• Measure and observe customer usage and satisfaction and incorporate those findings into product and service developments; –Excellent: Acts as the Steven Covey, “Sharpen the Saw” person/organization focused on continuous customer experience improvement.

  • Identify and implement industry best practices, strategies, and processes to support a best-in-class service experience; and –Perfect: Performs as a strategic center of excellence for making major holistic improvements in all things related customer experience

  • Work closely with key cross-functional stakeholders to improve customer experience, ensuring customer priorities are considered. -Great: Works strategically across groups to enact global customer experience changes vs. tactically focused on reactive customer service which will not move the needle across the enterprise.


Other (top 10) Chief Customer responsibilities that might be found in the role description are as follows:

  1. Customer Insight Management. Develops and supports a voice of the customer program aimed at ensuring customer input, feedback and insights is incorporated into all ongoing programs that the customer experiences.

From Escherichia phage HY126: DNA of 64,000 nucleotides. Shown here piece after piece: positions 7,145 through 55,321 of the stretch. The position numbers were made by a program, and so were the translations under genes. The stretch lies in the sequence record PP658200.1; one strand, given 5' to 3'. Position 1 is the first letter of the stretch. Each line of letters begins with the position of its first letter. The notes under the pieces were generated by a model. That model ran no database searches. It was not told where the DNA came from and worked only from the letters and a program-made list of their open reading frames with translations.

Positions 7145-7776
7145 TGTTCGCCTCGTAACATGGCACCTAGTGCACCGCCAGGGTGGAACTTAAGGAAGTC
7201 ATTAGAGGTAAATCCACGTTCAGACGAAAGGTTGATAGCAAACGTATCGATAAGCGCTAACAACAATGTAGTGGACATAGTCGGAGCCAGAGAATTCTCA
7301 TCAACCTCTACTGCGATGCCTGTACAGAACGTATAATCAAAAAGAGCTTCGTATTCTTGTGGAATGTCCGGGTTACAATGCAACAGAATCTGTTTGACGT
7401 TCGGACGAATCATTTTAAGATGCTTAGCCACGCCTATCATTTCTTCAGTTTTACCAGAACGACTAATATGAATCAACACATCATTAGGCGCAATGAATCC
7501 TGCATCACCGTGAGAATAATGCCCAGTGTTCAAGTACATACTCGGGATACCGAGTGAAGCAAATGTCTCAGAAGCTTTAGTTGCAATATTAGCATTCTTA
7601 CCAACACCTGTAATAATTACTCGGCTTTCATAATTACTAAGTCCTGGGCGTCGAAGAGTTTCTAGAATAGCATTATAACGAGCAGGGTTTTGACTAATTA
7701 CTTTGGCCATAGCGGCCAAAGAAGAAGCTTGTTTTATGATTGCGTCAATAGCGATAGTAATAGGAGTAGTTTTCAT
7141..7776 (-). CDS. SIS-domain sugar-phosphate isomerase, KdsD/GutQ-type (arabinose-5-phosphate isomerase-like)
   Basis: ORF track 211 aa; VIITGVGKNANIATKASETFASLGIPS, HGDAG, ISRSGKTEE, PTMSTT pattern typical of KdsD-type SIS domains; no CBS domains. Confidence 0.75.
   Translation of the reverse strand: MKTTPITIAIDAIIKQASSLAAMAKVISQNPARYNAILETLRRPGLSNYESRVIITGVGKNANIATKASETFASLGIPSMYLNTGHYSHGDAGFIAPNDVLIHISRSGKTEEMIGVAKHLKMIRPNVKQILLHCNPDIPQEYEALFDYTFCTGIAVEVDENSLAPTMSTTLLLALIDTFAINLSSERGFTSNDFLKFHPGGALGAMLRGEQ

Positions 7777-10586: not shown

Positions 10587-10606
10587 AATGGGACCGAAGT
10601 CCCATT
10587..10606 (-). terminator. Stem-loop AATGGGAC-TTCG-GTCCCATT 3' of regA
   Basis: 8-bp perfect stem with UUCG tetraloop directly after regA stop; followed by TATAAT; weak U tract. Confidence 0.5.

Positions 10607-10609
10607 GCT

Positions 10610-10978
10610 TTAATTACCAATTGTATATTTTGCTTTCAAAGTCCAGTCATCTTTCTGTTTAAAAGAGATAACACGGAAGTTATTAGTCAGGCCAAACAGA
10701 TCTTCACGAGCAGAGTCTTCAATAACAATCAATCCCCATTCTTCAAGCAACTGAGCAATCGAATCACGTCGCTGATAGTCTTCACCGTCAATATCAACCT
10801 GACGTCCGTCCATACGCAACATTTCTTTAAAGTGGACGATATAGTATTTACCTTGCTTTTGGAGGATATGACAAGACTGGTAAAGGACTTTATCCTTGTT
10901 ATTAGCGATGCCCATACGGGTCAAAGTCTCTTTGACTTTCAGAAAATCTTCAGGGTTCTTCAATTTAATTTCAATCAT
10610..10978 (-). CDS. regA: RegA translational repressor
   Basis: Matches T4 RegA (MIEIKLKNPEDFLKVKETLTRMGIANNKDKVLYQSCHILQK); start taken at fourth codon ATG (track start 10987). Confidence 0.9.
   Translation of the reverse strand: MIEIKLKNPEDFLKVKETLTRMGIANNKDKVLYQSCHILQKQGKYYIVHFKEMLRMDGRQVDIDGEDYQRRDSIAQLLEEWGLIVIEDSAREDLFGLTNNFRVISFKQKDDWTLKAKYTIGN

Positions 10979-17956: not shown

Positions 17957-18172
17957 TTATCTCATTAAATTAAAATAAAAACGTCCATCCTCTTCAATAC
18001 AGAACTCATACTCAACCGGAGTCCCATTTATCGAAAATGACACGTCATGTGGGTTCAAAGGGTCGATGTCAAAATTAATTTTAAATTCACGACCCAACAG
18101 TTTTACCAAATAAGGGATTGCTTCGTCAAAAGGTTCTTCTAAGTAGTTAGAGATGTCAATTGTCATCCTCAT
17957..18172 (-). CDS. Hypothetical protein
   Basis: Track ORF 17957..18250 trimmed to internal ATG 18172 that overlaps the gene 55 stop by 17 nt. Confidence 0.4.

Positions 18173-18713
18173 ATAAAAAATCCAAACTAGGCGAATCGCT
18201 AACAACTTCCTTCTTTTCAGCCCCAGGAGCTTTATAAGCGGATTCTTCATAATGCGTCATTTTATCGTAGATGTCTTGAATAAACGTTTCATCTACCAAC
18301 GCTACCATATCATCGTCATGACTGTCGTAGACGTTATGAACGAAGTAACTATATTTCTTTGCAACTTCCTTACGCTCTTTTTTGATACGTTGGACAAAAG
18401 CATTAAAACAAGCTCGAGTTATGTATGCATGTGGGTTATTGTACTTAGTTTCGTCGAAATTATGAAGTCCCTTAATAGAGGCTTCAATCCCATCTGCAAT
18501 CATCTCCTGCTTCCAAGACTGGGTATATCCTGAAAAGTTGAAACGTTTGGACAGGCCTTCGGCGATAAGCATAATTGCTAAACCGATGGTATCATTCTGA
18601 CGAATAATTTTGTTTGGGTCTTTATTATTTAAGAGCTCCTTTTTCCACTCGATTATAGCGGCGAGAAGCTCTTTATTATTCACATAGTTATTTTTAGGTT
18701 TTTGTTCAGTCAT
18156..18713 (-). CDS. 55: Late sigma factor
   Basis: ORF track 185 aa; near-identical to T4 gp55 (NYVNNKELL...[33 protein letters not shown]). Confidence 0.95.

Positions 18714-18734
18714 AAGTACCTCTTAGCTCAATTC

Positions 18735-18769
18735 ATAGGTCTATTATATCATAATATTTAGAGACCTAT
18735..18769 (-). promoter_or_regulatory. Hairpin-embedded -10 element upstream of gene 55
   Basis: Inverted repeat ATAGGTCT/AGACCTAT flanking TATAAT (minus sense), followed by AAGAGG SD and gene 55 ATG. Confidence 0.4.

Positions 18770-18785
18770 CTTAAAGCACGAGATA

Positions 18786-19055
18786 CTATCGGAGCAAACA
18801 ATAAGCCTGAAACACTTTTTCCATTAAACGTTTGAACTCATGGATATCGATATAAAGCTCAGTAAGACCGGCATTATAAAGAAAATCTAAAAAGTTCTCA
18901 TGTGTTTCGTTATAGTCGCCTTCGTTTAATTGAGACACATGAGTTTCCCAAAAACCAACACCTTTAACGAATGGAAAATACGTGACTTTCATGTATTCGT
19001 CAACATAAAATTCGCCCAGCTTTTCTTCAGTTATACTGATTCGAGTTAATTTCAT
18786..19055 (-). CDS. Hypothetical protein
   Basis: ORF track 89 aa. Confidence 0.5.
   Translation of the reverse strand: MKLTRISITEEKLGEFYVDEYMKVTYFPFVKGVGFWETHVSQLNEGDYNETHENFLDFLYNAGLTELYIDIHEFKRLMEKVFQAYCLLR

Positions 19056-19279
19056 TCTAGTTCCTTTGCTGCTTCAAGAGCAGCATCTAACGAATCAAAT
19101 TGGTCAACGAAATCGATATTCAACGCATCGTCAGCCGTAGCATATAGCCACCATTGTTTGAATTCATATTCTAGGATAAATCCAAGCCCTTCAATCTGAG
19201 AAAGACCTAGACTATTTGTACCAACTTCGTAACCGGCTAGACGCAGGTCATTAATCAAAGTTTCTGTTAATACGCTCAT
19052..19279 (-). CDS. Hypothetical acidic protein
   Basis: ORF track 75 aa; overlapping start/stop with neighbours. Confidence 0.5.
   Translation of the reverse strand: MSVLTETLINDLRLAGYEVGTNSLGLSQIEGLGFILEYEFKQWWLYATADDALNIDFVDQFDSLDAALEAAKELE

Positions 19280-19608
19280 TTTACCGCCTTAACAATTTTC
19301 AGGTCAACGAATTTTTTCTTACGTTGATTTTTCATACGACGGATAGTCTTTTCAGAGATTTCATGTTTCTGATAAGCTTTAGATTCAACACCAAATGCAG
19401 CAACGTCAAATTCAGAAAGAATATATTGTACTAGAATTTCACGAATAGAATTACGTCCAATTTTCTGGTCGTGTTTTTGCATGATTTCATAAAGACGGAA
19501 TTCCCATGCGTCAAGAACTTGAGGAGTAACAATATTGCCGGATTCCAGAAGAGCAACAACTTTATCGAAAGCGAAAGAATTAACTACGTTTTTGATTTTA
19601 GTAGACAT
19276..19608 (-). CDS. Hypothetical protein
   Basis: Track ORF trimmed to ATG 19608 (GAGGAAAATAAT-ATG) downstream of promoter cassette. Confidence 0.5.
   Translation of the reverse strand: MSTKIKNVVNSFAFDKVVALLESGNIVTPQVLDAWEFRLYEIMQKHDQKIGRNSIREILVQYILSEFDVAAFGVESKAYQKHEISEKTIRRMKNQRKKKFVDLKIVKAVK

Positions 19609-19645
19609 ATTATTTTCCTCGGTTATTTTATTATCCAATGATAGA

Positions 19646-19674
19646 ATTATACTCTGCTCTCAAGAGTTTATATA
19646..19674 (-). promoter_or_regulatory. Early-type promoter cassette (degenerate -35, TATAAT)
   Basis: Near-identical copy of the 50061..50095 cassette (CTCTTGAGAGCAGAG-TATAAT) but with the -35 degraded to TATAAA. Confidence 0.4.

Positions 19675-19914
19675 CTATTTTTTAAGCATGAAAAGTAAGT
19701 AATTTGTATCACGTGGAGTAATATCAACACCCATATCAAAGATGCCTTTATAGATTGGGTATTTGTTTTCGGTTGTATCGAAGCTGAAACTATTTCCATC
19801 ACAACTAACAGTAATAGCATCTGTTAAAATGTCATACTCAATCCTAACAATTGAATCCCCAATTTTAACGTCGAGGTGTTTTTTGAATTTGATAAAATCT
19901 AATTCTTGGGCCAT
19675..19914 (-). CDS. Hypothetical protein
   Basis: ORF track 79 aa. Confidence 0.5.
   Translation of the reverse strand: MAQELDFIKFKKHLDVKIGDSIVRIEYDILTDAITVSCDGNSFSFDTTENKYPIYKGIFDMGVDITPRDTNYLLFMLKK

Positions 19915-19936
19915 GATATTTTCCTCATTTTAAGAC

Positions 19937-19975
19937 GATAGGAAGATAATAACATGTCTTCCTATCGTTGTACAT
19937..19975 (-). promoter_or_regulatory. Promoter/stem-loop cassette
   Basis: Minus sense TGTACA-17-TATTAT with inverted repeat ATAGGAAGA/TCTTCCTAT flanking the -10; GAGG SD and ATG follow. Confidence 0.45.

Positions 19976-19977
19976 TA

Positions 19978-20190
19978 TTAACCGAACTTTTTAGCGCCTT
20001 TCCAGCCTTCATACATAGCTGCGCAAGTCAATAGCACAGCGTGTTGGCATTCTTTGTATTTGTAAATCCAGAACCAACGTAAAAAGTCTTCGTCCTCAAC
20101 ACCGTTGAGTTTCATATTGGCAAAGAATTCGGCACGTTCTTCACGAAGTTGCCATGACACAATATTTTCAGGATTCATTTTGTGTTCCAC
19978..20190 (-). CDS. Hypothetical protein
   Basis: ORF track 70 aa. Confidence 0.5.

2. Customer Experience Measurement. Create and track key customer experience metrics and related management reports and dashboards.

  3. Employee Customer-centric communications. Make sure that employees are informed and engaged in all customer programs as well as their results, shortfalls, improvements, strengths, etc.

  4. Customer Journey and Process improvement. Help the organization map customer journeys and then redesign and/or optimize the overall customer management processes.

  5. Customer Advocacy. Make sure that customers’ needs are taken into account in all key organizational decisions. Go beyond this and include the customer in the decision making process prior to any major program’s launch (practiced at world-class customer service leaders like Wells Fargo, Apple, Southwest Airlines, Marriott, etc. and is a growing practice being adopted by many market leaders)

  6. Customer Culture DevelopmentEnsure that customer excellence programs are not being created in a vacuum and that there is an ongoing continuous improvement program to ensure high levels of employee satisfaction through a supportive customer culture.

  7. Customer Service Training. Actively work on improving the organization’s customer service capability and employee service aptitude by developing and delivering training that supports the achievement of customer service standards and policy.

  8. Issue resolution management. Establish and support the process for solving customer issues that get escalated.

  9. Cross-organizational Coordination. Support the cross-functional teams and processes that govern the customer experience efforts across all organizational silos.

  10. Develop Surprise and Delight Customer Service Systems that drive exceptional and world-class customer service as to develop a cult-like brand following and advocacy from customers.

Responsibilities on the Radar of the Chief Customer Officer

Responsibilities on the Radar of the Chief Customer Officer